My homemade solar filter mounted on the lens I will be using for the 2017 solar eclipse.

 

The sun as shot through my homemade solar filter. It’s two layers of gold mylar secured between an inner and outer PVC ring.

One of my sisters lived right in the path of totality, so it was a simple matter to head to her place 45 minutes away and observe the eclipse there.

My setup while shooting the 2017 Total Solar Eclipse. We had 100% totality here.

I did get at least one decent image that I was really happy with, and one I was sort of happy with. And yes, you can see sunspots in my images, so I guess there actually are other decent images from the event.

Bailey’s Beads from the 2017 Total Solar Eclipse. You can also see some solar prominences.

 

Another shot of Bailey’s Beads as the sun moved out of totality.

 

Sunspots during the 2017 Total Solar Eclipse, along with the moon encroaching. This is early in during the eclipse. They’re easier to see in the full size image.

The same time I did the Milky Way shoot, I took my DJI Phantom 4 along and did some flying. I had been mentally rehearsing the remote controller stick movements for a 180 flyby where you spin around 180 degrees without stopping. Or put another way, you’re flying away from a spot looking back at it and at some point along the flight path you spin around to face the other way while you continue flying in a straight line. I’m happy to report I got the stick movements right and it worked pretty well.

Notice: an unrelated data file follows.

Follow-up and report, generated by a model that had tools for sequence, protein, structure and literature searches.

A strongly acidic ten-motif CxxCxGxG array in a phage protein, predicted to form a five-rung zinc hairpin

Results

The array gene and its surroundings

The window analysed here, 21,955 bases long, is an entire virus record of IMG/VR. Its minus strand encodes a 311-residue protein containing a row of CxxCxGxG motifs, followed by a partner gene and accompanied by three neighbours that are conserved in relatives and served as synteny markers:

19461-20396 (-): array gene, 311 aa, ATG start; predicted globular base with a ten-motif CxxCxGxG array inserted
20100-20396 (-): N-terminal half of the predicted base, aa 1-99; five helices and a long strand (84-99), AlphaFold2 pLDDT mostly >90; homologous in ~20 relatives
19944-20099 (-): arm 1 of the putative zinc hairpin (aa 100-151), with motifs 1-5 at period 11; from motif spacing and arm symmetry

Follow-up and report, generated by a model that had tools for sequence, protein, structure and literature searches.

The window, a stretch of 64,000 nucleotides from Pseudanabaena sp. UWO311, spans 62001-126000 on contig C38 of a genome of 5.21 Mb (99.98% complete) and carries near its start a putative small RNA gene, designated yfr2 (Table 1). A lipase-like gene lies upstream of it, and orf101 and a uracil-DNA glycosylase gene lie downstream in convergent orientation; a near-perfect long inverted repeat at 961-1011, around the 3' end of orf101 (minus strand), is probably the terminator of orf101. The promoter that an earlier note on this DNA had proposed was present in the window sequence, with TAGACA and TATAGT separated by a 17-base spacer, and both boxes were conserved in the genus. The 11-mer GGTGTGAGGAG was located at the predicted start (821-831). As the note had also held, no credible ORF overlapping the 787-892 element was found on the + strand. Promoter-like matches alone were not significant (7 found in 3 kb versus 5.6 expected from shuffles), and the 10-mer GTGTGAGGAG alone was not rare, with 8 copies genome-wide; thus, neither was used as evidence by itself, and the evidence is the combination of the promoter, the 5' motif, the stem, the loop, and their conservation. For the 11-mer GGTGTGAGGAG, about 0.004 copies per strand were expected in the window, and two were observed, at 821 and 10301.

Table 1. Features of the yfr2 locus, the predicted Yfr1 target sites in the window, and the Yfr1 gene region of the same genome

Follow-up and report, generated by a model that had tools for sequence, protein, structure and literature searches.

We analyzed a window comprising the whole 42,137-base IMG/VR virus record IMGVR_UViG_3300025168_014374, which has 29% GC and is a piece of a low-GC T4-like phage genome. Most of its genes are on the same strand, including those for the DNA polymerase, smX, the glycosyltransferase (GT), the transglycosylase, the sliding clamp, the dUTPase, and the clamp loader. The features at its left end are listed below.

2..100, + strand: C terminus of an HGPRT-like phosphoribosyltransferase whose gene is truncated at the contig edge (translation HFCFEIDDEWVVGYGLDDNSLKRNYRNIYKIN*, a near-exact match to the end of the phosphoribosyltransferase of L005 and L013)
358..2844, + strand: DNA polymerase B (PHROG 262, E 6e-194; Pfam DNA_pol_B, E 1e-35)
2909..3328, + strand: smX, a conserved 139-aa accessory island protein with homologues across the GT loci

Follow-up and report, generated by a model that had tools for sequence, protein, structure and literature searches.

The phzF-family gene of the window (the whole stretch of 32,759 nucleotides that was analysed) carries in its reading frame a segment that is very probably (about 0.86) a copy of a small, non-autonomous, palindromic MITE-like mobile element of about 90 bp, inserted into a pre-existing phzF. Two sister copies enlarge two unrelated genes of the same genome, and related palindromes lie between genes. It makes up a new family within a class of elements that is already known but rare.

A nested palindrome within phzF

And now we have a Purple Air Quality alert for the valley. That’s the color for “very unhealthy” with the next color being brick red and meaning “hazardous”. So, I’ll leave you with one last image, one that I took last night and that I call the Fire Moon. The color is due to the smoke in the air, of course.

The nearly full moon, discolored from the heavy smoke covering Treasure Valley, Idaho.